Thinking Out Loud

October 18, 2012

Should You Marry a Porn User?

Writers like Kevin Leman are known for being somewhat explicit about marriage, and Mark Driscoll doesn’t mince words when he’s preaching or writing about sex. Rachel Held Evans came up against our collective appetite for earthier language in her A Year of Biblical Womanhood, but for the most part it’s the men who dominate the roundtable.

On Tuesday, the name Sheila Wray Gregoire came up in a conversation. Her newest book, The Good Girl’s Guide to Great Sex was somewhat foreshadowed by Honey, I Don’t Have a Headache Tonight, so she’s not a neophyte on this topic. But on her blog — which takes its name from yet another book, To Love, Honor and Vacuum — she asked the question this week, “Should you marry someone who uses porn?”

Stand on a principle on this one, and some say you could be eliminating up to 90% of your prospects. Sheila’s number might be 67%, or two-thirds. Either way, pornography is ubiquitous, even among Christian males (and females). The tobacco addict has yellow fingers; you can smell the liquor on the breath of an alcoholic; and when the gambling addict pulls out his MasterCard to pay for lunch, it’s stuffed full of lottery tickets. But the person addicted to online pornography — in all its many, various forms — often goes undetected.

So here, for those currently dating, those engaged, those in the early stages of a marriage, and anyone else touched by this topic, is a link to Sheila’s Should You Marry Someone Who Uses Porn? …Be sure to also look around the rest of her blog for resources on a host of related issues.

Since it’s been awhile, this is also a good time to mention my own attempt to speak to this issue is still hiding out in a remote corner of the internet where you can read it for free. The Pornography Effect: Understanding for the Wives, Daughters, Mothers, Sisters and Girlfriends, was written in 2007 as a crisis book — in other words it’s not lengthy — and can takes up two full screens in a modified blog page. (The chapters were posted in reverse order so the finished product would read normally; click Ctrl and the plus sign simultaneously if you find the type size hard to read.) Click this link to check it out. If you don’t have 45-50 minutes to read the book, a summary of each chapter’s key points is posted here.

June 20, 2012

Wednesday Link List

The fine print: By reading this link list I agree to actually click a few links and check out the stories, and not just scan the summaries and leave.

March 21, 2012

Wednesday Link List

Click the image above for sourcing; meanwhile, here are the rest of this week’s suggested readings:

  • The Economist catches up to the wind of Evangelical and Charismatic Christianity blowing through the church in the UK.  Yeah, really, The Economist.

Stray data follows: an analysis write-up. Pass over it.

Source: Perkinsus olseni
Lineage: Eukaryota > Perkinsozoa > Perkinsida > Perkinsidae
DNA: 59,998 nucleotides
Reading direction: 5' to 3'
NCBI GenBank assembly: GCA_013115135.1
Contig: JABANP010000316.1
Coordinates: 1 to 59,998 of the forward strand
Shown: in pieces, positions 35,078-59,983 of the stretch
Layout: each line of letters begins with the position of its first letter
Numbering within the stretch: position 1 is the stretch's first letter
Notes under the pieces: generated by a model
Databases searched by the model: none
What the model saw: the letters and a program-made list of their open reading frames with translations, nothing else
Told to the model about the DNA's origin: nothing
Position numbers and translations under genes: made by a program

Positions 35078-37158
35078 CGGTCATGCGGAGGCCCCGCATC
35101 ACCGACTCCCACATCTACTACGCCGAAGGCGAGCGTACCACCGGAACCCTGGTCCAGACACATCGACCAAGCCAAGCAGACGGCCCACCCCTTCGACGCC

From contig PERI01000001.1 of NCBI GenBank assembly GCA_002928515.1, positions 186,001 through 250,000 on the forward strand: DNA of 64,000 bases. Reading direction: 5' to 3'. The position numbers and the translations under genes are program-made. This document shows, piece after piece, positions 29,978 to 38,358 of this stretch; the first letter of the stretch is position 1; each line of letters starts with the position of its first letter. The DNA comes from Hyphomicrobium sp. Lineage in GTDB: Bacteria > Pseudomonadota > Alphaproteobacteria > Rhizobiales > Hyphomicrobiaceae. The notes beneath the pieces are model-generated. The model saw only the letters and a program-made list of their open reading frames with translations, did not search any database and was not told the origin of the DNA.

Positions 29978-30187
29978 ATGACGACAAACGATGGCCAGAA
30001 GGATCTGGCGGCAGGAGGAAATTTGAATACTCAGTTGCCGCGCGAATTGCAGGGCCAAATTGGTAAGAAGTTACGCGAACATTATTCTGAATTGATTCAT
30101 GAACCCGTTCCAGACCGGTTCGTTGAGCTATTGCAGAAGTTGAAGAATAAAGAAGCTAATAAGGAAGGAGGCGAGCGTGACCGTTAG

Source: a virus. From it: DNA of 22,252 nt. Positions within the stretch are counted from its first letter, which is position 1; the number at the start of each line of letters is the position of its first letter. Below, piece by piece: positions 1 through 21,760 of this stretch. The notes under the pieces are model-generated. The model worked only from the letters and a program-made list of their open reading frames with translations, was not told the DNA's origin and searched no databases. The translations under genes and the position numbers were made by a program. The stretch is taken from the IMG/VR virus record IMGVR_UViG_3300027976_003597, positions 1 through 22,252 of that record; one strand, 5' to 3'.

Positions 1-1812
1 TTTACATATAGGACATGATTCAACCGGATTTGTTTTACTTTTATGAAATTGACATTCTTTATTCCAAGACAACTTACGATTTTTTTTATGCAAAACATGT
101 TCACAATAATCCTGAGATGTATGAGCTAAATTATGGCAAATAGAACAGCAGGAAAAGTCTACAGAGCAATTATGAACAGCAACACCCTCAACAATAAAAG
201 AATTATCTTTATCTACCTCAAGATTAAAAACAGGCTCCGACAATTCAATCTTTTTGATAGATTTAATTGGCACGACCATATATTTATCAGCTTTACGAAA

• I was recently scanning the four youth books that deal with cutting, addiction, abuse and food disorders by Nancy Alcorn, and noticed the books are somewhat of a commercial for something called Mercy Ministries. Then I read this report.
  • Last week while we were linklisting here, Pete Wilson posted an article about all the damage being done by Facebook. Except that Facebook isn’t really the culprit
  • At Internet Monk, Denise Spencer, wife of the late Michael Spencer who founded iMonk, shares some insights she discovered after being lost in a forest.
  • Why do so many Christian blogs have Christian book reviews, and so few have Christian music reviews? Amy Sondova at Backseat Writer is the exception with this in-depth CD review of The Same Love by Paul Baloche.
  • Here’s an intriguing idea: What if we read the directives in Paul’s epistles in the first person? This example from Galatians 3 models what could be an instant small group exercise. B. J. Stockman guest posts at Zach’s. (Chapters one and two are also blogged there.)
  • Here’s an opportunity to wear your Spandex to the Red Sea: Stryper frontman Michael Sweet is leading a Holy Land tour.
  • Why Writers Need Editors: A guy we associate with alternative Christian media doesn’t have much use for mainstream Christian media. Maybe too much so.  He apologizes, sort of.
  • Here’s a short story that will rock your world when it comes to how we tend to view who pays for what when it comes to missions. Not everyone gets a 4-star hotel with M&Ms (red ones removed) either.
  • Texas pastor and blogger Trey Morgan was involved in a house giveaway last week that didn’t involve either Habitat for Humanity or Extreme Makeover Home Edition. It’s the second house they’ve given away. (Here’s more about the first one.)
  • If some are chosen, elect or predestined, why evangelize? Here’s a Calvinist with seven Biblical reasons.
  • Wanna go deep? Here’s an article about the concept that worship is a physical act; there isn’t a higher or purer worship to be experienced; not in this life.
  • Author Linda Mintle talks to CBN News about the “Am I Pretty?” YouTube video disturbing teen trend.
  • And here’s another parenting must-read: Brad Whitt’s 20 Ways To Tell Your Child You Love Them
  • Know someone responsible for worship and/or creative arts ministry in your local church? Tell them about Sunday online magazine.
  • Dave Carrol has a great quotation from Randy Bohlender’s new book, Jesus Killed My Church.
  • Speaking of books, Rick Apperson reviews the new Mike Howerton book Glorious Mess which he found literally too funny.
  • Here’s a blog link just for the sisters; but the guys can read it, too. Sometimes parents exasperate their kids because we think that they have to learn to do a task the way we do it.